Revealed: The airport travel times best avoided

10 May 2016 08:05

A new airport survival guide recommends the least congested times

A new airport survival guide recommends the least congested times

With the summer travel season looming, a new survival guide is recommending to holiday-goers which periods are best avoided.

The Telegraph's guide claims that timing a journey is key to preventing a holiday from starting off with tension.

The newspaper says that prompt check-ins, uncongested planes and quick restaurant or bar service are all more likely if peak times are steered clear of.

It says that the following times are generally no-no's:

• between early and mid-mornings

• bank holidays

• between early and mid-evenings

• between Fridays and Monday mornings

The guide says that these periods are the best times to fly:

• the Saturday afternoon and Sunday morning time-frames can be an exception to the busy weekend rule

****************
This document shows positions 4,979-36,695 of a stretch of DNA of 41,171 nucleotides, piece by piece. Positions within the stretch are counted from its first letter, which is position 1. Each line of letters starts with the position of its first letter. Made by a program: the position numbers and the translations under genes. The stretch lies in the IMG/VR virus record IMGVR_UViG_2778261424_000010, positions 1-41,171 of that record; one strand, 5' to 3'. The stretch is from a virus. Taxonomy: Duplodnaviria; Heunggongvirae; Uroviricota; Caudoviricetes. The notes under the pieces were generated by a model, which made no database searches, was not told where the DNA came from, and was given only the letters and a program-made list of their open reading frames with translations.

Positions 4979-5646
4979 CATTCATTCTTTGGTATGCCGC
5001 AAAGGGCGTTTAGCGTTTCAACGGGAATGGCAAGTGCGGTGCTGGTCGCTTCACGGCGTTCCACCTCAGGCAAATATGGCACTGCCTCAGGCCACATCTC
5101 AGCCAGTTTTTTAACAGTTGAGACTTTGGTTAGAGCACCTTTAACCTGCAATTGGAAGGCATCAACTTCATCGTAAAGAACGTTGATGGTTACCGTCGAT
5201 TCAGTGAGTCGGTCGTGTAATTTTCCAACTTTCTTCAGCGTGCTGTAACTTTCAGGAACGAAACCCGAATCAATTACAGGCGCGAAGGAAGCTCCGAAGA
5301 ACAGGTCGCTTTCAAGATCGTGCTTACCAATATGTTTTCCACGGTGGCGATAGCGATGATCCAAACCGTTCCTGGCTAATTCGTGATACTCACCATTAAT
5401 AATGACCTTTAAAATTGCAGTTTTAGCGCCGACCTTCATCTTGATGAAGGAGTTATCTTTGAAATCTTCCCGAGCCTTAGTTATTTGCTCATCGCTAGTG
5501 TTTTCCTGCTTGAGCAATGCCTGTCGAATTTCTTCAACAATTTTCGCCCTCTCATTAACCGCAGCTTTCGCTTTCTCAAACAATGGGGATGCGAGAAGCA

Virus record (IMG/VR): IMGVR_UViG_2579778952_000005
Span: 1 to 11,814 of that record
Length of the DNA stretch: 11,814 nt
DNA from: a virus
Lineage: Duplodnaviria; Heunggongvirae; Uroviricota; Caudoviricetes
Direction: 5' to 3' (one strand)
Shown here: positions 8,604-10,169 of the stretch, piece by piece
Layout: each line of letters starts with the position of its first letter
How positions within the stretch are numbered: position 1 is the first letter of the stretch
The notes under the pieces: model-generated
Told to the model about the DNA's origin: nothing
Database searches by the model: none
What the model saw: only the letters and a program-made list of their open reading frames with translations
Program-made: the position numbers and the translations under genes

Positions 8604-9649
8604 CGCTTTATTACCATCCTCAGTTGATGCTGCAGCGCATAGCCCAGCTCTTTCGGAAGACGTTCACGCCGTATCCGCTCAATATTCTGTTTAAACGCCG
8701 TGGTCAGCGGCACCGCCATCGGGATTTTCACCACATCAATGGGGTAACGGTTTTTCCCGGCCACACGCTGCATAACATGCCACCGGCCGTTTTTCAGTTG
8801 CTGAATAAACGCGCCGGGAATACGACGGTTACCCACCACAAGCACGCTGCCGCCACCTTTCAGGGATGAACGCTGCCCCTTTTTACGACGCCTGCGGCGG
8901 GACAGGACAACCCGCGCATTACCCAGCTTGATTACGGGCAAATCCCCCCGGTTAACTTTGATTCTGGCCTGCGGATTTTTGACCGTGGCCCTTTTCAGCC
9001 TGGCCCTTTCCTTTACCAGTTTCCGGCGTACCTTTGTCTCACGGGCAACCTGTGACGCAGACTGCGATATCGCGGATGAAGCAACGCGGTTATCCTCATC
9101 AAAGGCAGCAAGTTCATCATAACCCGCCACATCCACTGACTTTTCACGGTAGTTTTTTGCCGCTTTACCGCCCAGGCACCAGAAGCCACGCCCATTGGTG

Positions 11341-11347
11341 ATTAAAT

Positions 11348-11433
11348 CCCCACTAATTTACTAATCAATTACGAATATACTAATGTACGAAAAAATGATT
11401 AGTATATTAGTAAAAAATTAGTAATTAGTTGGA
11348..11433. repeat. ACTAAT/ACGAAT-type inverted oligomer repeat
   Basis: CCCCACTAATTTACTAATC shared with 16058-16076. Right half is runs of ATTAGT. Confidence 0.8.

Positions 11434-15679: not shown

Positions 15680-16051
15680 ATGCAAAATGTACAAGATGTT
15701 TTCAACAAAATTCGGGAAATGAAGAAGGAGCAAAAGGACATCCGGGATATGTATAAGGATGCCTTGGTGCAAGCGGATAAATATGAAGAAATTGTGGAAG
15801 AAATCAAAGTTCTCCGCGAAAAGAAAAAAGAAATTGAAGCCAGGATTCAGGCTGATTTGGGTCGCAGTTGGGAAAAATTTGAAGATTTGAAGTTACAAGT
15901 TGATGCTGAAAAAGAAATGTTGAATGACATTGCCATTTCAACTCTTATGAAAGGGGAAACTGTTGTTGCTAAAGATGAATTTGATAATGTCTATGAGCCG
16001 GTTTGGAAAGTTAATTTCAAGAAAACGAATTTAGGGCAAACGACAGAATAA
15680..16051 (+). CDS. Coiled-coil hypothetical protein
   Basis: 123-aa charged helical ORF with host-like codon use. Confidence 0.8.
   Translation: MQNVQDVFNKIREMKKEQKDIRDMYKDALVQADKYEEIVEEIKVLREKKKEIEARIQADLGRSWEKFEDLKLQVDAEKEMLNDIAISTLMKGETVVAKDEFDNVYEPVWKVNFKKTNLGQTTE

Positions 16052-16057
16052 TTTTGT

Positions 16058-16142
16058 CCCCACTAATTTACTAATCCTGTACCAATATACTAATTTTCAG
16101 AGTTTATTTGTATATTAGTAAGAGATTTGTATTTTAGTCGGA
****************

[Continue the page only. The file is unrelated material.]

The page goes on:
• weekday lunchtimes to late afternoons

Tips for stress-free trips

As well as finding times for quieter airports, another way to guard against stressful starts to holidays is to take out travel insurance. This covers tourists against the worst mishaps that can happen abroad.

Avoid the holiday hordes

Few things create crowded airports more than the start of the major school holidays in the sunnier months.

This year's major summer and half-term holiday weekends fall on July 23-24 and May 28-29 respectively.

The Telegraph guide warns that French, Italian and Spanish holiday traditions have even less flexibility, bringing even more crowded airports.

European dates to avoid

According to the newspaper, these include:

July 30: no travel date in France is more congested than this one as the country's 'le depart' brings delays to airports, railways and roads.

August 6: another peak weekend for the French as well as Spaniards and Italians, as they flock to the coast

August 20-21: this is the weekend when thousands of tourists head back after the Assumption religious festival

August 27: the busy 'le retour' brings travel chaos especially to parts of northern France

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